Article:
Chronic Review: Pro Evolution Soccer 2012
I have to admit that I am not at all interested in sports. I am a product of modern society, where staying fit and active equates to hitting the gym and lifting weights. It’s convenient and it doesn’t let competition get in the way of the goal. Sports have never been something I have been much interested in outside of the scope of baseball. Playing sports is something that almost never crosses my mind, and watching them on television less so. But playing them in video game form? I have always scoffed at the idea. That is the reason why when Konami sent me a copy of Pro Evolution Soccer 2012, I contemplated sending it back with a note to let them know that I was in no way qualified to review the game. After much convincing from friends, however, I gave it a shot and played it enough to want to write a review of it. Did it manage to capture me, someone who finds the sports game genre to be absolutely alien? Short answer? “Yes.” Long answer? Read on.
The first thing players will notice is the graphical prowess of the game. Although not technically the most beautiful or realistic looking game I have seen this generation, the game manages to excel in something very important: animations. It may not seem like it matters much, but good animations in games for this genre (as well as fighting and racing games) can create a world of difference when it comes to enjoyment. The fact of the matter is that pretty graphics alone simply will not do: games like PES are action games at heart and movement is key to everything. PES seems to nail this aspect really well.
Which brings me to another point: as a novice when it comes to sports games, I worried that the game would be slow and plodding, but was pleasantly surprised to discover that it is quite the opposite. The game doesn’t seem to go entirely for realism or simulation, which might annoy some soccer fans looking for the newest hyper-realistic gameplay mechanics, but which in general is ripe with entertainment. Sometimes developers forget that games do not have to be perfect replications of what they try to emulate so much as fun takes on them. This is not just true of sports games, it applies across the board to racing games, fighters, shooters, etc. I feel that the development team actually did a great job here in balancing realism and fun into a cohesive whole. It is a point in Pro Evolution Soccer’s favor that it isn’t drowning itself in minutiae and is accessible to people such as myself.
With that said, I would never claim that the game lacks any sort of depth. There is plenty of depth to it, including a wealth of options on controlling the action and many different game modes. The greatest enjoyment of the game probably comes from online matches, which although I was atrocious at, enjoyed quite a bit. That’s a heck of an achievement considering that I started this review with a warning that sports games are not my forte. It was interesting to play the game online and then discover that an hour or two had passed as I learned my way around it. Better yet, online play is smooth and I never experienced any slow down. But if you’re not ready for online play yet and/or are not as brave to play while being bad, then the offline modes work just great. Better yet, the game includes many options when it comes to its difficulty settings in single player, and while it doesn’t technically include a conventional tutorial, it does include a practice mode.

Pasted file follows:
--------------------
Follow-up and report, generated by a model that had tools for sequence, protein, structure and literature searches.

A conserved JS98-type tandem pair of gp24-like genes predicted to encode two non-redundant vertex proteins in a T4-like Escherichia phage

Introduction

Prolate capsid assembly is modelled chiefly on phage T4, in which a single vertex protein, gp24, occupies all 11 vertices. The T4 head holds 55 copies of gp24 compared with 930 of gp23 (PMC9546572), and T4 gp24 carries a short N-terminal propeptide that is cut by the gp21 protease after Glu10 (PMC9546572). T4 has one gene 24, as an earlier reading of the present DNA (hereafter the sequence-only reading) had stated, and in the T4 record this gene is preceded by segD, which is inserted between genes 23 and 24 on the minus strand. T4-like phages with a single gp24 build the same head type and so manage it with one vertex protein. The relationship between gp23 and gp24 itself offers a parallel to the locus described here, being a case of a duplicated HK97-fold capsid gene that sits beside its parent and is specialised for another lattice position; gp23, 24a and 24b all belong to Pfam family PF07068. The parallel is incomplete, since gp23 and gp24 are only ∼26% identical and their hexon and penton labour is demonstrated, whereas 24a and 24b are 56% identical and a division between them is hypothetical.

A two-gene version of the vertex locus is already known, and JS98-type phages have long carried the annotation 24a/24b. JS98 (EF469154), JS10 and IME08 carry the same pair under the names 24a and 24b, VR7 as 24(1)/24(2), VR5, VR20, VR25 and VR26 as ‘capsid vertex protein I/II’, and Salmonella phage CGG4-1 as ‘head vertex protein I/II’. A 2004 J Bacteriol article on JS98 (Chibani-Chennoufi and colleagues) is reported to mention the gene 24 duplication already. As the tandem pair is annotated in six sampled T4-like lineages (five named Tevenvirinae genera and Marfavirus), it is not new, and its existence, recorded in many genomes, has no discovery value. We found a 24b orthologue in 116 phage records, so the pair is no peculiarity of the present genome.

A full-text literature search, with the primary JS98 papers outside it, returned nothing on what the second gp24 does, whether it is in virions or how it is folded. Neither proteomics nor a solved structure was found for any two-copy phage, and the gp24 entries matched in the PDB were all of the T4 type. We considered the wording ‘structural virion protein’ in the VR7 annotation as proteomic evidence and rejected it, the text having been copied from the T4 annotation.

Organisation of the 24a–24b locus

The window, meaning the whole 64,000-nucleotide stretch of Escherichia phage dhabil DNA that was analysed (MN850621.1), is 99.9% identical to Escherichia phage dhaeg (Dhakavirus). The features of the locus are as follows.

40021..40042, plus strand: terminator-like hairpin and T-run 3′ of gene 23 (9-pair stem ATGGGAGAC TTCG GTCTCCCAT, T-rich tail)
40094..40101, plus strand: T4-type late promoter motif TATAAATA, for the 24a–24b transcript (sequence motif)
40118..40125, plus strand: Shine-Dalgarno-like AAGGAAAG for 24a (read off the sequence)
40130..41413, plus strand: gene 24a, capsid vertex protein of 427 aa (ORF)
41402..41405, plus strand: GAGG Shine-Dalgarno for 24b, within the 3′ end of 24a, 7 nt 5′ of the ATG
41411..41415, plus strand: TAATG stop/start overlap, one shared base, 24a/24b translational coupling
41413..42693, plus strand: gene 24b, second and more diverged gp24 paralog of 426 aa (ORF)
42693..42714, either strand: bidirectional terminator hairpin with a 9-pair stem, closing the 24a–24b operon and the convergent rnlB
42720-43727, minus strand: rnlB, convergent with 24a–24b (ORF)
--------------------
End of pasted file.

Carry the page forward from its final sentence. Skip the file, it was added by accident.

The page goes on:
Another point in the game’s favor is that it seems to have pretty good team A.I. One of my biggest gripes with the small amount of sports games I have ever played is that the A.I. usually tends to create a great amount of frustration. Probably one of the main reasons sports games are not at the top of my list of enjoyable titles. PES actually has pretty decent A.I. that actually works really well with you AND against you in the opposing team. Kudos to the development team for getting this down pat, which is probably the absolute most crucial thing in games such as this that are heavily reliant on computer controlled characters.
All of those things aside, the game is not flawless. The animations, for example, are usually great but once in a while get jittery. It’s not a deal breaker by any stretch of the imagination, but it can take you out of the experience. This is, of course, not the biggest problem when compared to the complex manual controls. Here’s the thing: the manual controls are not technically a bad aspect of the game, but unless you’re a big fan of sports games and know your way around them, you will probably find yourself very overwhelmed by them. Even after several hours of gameplay I was still having trouble grasping how to use them effectively. Sure, they’re an option and a good one if you want to control every last detail of the gameplay, but for some of us it might just be too much. Not really a problem, per se, but worth mentioning.
I suppose that if you’re a big fan of soccer and if you are looking for incredibly accurate simulation than this might not be the right game for you. I figure soccer fans can still get a great amount of enjoyment out of it regardless, but the arcade like feel of the game overall might not please the fans who are looking for something that is hyper realistic. It ultimately depends on whether fun is enough to satiate your soccer game needs.
You Might Like This Game If:
– If you enjoy a fast arcade-like feel in your sports games.
– If you’re a novice who has never played sports games before.
– If you’re a soccer fan looking for the most fun for your money.
You Might Not Like This Game If:
– If you are looking for a hyper-realistic simulation soccer game.